Lawrence O’Donnell Chides Bill Clinton And Lady Gaga For Inappropriate Birthday Flirting
Over the weekend, former President Bill Clinton had a several-month late birthday bash in Hollywood, lasting two nights and capped off with a seductive performance by Lady Gaga, who performed a special version of “Bad Romance” and giddily called her performance a “Marilyn moment.” Given that ostentatious displays of power and wealth are public enemy #1 on The Last Word, Lawrence O’Donnell‘s cringing reaction to the affair (no pun intended) should not have come as a surprise, but it was still fairly hard-hitting from one liberal to another.
Noting that a quiet birthday at home “wasn’t good enough for the attention-starved former president,” O’Donnell played some clips of Lady Gaga doing her thing, noting queasily that it was “impossible to keep up with her double entendres” and, finally, “it doesn’t get weirder than that”– having Lady Gaga perform a version of “Bad Romance” to the one president “forced to testify under oath about romance gone bad.” For O’Donnell, the sticking point was having Secretary of State Hillary Clinton sitting beside her husband while Lady Gaga made sexual advances (jokingly, of course) at her husband after some “very difficult conversations.”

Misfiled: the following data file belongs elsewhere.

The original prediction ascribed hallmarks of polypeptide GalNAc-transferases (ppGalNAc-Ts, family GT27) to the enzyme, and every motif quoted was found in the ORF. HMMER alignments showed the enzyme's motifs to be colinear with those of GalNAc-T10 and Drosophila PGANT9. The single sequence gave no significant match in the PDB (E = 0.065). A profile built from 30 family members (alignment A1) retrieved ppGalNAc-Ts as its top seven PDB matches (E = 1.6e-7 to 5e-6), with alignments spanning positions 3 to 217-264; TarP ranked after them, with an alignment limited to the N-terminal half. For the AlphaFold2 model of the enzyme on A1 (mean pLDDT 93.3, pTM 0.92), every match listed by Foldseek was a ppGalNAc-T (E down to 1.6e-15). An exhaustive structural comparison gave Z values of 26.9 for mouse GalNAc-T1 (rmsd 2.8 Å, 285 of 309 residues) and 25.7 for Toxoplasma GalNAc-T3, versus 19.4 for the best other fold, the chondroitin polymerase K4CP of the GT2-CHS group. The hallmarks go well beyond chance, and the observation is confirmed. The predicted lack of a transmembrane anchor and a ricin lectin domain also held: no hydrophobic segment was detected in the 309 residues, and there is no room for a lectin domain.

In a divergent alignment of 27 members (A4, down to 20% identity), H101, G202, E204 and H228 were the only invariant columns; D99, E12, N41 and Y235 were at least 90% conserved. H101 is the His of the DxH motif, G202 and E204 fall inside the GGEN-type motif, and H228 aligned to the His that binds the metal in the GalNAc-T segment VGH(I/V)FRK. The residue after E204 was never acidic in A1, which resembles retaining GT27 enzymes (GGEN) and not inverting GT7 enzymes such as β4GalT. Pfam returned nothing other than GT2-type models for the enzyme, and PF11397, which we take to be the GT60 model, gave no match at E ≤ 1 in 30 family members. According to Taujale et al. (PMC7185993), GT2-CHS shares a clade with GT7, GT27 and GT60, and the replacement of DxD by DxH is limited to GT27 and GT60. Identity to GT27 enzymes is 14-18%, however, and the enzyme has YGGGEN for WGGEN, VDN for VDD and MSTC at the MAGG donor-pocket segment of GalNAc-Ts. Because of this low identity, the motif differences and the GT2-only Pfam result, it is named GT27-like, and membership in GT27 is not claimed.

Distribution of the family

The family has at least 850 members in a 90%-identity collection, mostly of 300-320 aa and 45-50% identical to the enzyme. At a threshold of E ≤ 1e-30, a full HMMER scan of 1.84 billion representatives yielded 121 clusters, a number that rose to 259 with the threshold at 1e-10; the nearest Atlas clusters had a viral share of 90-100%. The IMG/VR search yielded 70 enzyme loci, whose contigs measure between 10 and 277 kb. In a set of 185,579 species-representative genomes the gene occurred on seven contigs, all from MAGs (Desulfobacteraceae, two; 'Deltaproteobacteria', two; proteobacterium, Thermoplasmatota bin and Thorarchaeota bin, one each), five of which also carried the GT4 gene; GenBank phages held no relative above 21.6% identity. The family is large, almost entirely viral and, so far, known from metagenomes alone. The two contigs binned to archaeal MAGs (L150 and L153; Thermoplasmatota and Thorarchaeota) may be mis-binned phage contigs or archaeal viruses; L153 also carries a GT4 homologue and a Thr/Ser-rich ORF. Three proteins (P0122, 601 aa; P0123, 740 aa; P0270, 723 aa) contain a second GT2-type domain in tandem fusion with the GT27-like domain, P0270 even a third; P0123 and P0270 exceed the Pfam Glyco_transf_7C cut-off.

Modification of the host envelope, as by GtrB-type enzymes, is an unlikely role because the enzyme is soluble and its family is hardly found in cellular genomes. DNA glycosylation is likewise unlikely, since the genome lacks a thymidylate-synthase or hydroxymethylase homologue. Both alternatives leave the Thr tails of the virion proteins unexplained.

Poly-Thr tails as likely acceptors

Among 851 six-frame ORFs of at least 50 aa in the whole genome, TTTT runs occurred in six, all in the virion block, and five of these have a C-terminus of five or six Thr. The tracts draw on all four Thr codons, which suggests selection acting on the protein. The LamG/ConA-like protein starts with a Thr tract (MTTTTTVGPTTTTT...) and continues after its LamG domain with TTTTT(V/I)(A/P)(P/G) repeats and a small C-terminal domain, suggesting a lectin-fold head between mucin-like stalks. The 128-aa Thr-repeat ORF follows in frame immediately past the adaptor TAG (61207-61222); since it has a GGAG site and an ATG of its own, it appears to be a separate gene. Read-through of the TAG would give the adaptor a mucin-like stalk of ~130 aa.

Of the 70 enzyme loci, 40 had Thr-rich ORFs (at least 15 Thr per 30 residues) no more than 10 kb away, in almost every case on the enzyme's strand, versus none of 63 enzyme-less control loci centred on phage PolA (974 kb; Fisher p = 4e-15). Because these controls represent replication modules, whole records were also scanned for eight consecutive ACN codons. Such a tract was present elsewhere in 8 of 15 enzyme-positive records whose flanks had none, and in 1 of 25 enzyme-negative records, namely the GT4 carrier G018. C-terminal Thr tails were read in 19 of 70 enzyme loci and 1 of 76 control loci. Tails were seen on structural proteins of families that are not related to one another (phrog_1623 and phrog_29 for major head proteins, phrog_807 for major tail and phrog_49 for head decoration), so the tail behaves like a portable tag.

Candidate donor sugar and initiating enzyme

His guest, Jonathan Alter, seemed a bit confused as to why O’Donnell was taking so much offense at the performance, given that he considered Clinton and Jimmy Carter two of the presidents with the best reputations out of office. “Jimmy Carter does not party in Hollywood for two nights in a row!” O’Donnell retorted, later asking rhetorically, “how hard is it to steer clear of these echoes?”
For those who consider O’Donnell an unabashed liberal in every possible way, his occasional morality outbursts always seem to come as a surprise, though they more often than not fall under party lines. His indefatigable war on hedonism typically manifests itself in mockery of moneybags conservatives like Donald Trump or Newt Gingrich, against lobbyists and Wall Street and people who live a life publicly that belies their private behavior. That Clinton would have the audacity to put on such a display of wealth and power and flaunt how he evaded ignominy (much, some argue, at the expense of a young intern who can barely spend time in America anymore) in front of the family he almost destroyed would naturally trigger the conservative (in a left-wing way!) instincts of a commentators like O’Donnell, who has made modesty the paramount virtue in his political framework.
The segment via MSNBC below:
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